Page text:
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Culinary ventures by celebrities are nothing new: Everyone from Liberace to Miss Piggy has penned a cookbook. In Cookin’ with Coolio, Coolio himself instructs readers on how to prepare delicacies such as cold shrimpin’ and chicken lettuce blunts. Even off the page, Hulk Hogan rumbled with gastronomy in his ill-fated restaurant franchise Pastamania! (punctuation totally his).
But when a recent New York Magazine profile on Grizzly Bear slipped in a mention that the indie band’s bassist, Chris Taylor, was writing a cookbook for Random House, it felt unexpected. When reached for comment, Carolyne Klein, the band’s manager, said, “I know he’s a great cook, so I think it’s a passion project of sorts. ... [It’s] still pretty early in the process.”
Considering that Taylor’s current plan for the book entails little beyond going full-out Walden— that is, holing up and writing in a cabin in the woods after the band’s current touring cycle ends—it’s interesting to wonder how he even got the contract.
Did he approach Random House, or did they approach him? How much confidence in his cooking did the publishers need to have to agree, and how did they gain that confidence? Did he cater a multicourse dinner for them? Did they like it? How big a factor was “Two Weeks” in their decision? Is the title going to be a clever play on “Knife?” The questions are endless. But one question towers above the rest: Why do we trust our beloved celebs in fields aside from the ones that got them famous? Or do we?
That’s not to say that there aren’t many multitalented artists out there. Heck, some people can even act, sing, and dance at the same time. Queen’s Brian May earned a Ph.D. in astrophysics, which probably means he could act, sing, dance, and compute the lifetime of a distant star simultaneously.
But for every Brian May or Ronald Reagan (policies aside, he still managed to become president, act, and make fewer verbal gaffes than Dan Quayle), there are a million Lindsay Lohans (just when you thought you forgot about her ’09 musical stylings) or Jennifer Lopezes (luckily, “Jenny from the Block”got into acting before it was too late for her career), whose endeavors have left trails of both sympathetic embarrassment and scathing criticism in their wake.
To take the high road, maybe the response and encouragement stars receive is genuine: Because they have already achieved success in their respective arenas, their fans want to see them go forth and conquer even more. Madonna, for example, will sell out arenas and dominate the children’s book market (she has 16 volumes currently in print). The essential nature of fandom implies trust in an artist’s creative power and attention to future endeavors.
On the flip side, there is always a certain amount of schadenfreude in public embarrassment. Thanks to YouTube, the world can watch not only trampoline accidents ad nauseam, but also the Countess LuAnn’s “Money Can’t Buy You Class.” It’s funny to watch failure: There’s a reason one of the top videos on YouTube right now is Justin Bieber throwing up onstage, and it’s not because people want to send him teddy bears with “This will blow over in a week” embroidered on their stomachs. Increasingly, America loves to be reminded that its media darlings are also fallible—tabloids exist almost entirely for this purpose.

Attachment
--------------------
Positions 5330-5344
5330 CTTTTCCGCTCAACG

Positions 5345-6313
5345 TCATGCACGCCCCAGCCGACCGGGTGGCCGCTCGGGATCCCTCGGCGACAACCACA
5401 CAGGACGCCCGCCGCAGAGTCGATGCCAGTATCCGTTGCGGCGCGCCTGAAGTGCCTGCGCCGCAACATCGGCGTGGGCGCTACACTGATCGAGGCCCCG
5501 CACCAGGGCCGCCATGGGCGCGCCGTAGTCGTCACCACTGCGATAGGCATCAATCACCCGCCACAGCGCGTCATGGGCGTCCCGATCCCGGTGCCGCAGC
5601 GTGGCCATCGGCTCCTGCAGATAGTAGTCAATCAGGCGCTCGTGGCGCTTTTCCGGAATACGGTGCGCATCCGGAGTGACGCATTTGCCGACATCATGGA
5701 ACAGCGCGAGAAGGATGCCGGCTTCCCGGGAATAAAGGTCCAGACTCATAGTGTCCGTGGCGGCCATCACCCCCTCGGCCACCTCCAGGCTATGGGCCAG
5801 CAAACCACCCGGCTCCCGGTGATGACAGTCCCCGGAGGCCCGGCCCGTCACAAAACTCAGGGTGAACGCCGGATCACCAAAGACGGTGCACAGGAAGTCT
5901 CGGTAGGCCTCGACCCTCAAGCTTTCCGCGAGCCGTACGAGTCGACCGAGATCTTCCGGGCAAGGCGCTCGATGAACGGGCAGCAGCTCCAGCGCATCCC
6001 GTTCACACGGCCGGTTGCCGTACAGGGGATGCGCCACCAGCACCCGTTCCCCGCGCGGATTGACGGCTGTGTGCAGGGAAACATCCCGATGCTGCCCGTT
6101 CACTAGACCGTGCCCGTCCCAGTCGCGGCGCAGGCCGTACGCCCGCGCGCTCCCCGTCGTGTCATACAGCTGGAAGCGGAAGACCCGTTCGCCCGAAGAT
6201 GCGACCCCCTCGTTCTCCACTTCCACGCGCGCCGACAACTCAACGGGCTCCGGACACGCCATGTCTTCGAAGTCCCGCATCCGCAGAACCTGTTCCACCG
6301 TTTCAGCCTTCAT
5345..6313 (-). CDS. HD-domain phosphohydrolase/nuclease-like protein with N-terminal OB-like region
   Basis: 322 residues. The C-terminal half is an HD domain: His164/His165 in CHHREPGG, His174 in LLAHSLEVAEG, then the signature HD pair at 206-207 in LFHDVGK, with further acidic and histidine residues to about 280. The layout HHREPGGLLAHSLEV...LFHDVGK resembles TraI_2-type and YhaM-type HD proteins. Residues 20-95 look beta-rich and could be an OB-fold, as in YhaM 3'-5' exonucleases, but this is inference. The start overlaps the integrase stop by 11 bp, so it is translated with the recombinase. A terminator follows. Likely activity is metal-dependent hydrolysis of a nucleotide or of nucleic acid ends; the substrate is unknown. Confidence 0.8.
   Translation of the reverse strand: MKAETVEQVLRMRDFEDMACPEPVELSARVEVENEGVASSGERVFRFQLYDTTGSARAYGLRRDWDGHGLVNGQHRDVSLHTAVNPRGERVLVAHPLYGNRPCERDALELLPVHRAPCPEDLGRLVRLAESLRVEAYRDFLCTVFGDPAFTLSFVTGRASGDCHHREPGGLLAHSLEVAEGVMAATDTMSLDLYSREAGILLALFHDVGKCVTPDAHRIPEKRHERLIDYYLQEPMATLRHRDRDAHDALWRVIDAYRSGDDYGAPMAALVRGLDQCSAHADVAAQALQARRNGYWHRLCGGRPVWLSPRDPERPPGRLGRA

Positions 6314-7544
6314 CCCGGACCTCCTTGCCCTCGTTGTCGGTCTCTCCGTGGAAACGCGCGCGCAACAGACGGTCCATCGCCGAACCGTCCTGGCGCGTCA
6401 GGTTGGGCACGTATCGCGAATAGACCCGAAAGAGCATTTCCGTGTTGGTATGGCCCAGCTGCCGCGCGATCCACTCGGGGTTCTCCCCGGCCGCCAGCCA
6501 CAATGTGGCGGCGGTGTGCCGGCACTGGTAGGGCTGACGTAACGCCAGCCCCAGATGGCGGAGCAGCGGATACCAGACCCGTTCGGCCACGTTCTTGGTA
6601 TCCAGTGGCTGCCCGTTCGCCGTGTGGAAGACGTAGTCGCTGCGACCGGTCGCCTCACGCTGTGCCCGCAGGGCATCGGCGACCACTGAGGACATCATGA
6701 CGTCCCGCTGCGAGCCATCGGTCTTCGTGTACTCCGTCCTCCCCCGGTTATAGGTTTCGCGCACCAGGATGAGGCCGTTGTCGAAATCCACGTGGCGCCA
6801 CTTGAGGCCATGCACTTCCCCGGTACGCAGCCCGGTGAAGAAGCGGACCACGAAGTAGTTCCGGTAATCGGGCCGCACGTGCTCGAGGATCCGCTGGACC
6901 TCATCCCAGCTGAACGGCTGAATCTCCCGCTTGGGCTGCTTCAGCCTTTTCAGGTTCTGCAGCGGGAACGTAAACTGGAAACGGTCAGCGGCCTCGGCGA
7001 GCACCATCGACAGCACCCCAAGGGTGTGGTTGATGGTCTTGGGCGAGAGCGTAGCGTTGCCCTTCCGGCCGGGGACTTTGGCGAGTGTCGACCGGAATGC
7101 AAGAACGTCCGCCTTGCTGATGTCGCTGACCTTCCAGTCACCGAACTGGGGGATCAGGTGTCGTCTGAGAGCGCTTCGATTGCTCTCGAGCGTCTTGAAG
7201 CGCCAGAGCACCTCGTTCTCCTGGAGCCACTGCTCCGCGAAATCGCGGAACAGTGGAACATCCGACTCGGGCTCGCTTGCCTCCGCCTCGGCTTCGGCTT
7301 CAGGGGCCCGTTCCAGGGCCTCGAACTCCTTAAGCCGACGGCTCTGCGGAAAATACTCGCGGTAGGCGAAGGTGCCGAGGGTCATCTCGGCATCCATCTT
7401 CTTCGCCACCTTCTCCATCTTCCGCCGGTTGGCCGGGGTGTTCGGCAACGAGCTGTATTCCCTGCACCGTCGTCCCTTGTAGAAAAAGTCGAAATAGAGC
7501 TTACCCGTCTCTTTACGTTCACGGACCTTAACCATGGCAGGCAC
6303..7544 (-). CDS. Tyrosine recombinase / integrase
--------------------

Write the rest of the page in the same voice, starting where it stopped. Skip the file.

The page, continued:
Still, celebrities are well-recognized brands, and brands sell. Regardless of quality, companies finance these projects because they know the public will lap them up, whether out of admiration or malice. This phenomenon is a fixture of the global pop scene, to the point that it often risks spiraling out of control.
To take one example: In 1988, Elizabeth Taylor began manufacturing her own signature perfumes—the scent that launched a thousand (plus) copycats. Unlike, say, Sean John—that’s right, Sean John—though, Taylor was heavily involved in each step of the creation. I’d be surprised if Sean John has so much as sniffed a tester strip of his “Unforgivable Woman” fragrance.
Earlier in 2012, market researcher NPD Group reported that stores are flooded with over 500 celebrity perfumes a year. That’s some serious investment in products like Mariah Carey’s “Lollipop Bling.” The only possible conclusion to draw is that this stuff actually sells—otherwise, there would be no incentive for making more.
So, why does anyone think advice from Mo’Nique will make them a better cook? (Her book, Never Trust a Skinny Cook, could do battle with Teresa Giudice’s Skinny Italian.) Maybe they like Mo’Nique. Maybe there was a recipe they found interesting. Maybe they’re tired of recipes from Culinary Institute grads and want to learn from a fabulous singer-actress instead. Regardless, it sells, and that’s that. Maybe not in incredible bulk, but there is an audience with money to burn and interest in the material, and there’s no shame in that.
It’s interesting that this branding has now extended into the “non-mainstream mainstream.” While Grizzly Bear does play sold-out shows, they ain’t exactly One Direction—but then again, it’s pretty cool not to be One Direction these days. That’s not to say that’s it’s uncool either, but as every “artsyyy!!! <3” comment on a perfectly normal Facebook photo or quirky moment in a Zooey Deschanel movie reminds us, it’s also no longer uncool to be slightly offbeat. Fun. started as an “indie pop” band, and now they’re holding steady on the Billboard Hot 100.
According to Klein, Taylor is a good cook—and, moreover, he has a fan base that would probably be willing at least to entertain the idea of his recipes. So, turn up the record player in that Brooklyn loft—it’s gonna be a slammin’ dinner party. On the menu? Alligator à la Chris Taylor.
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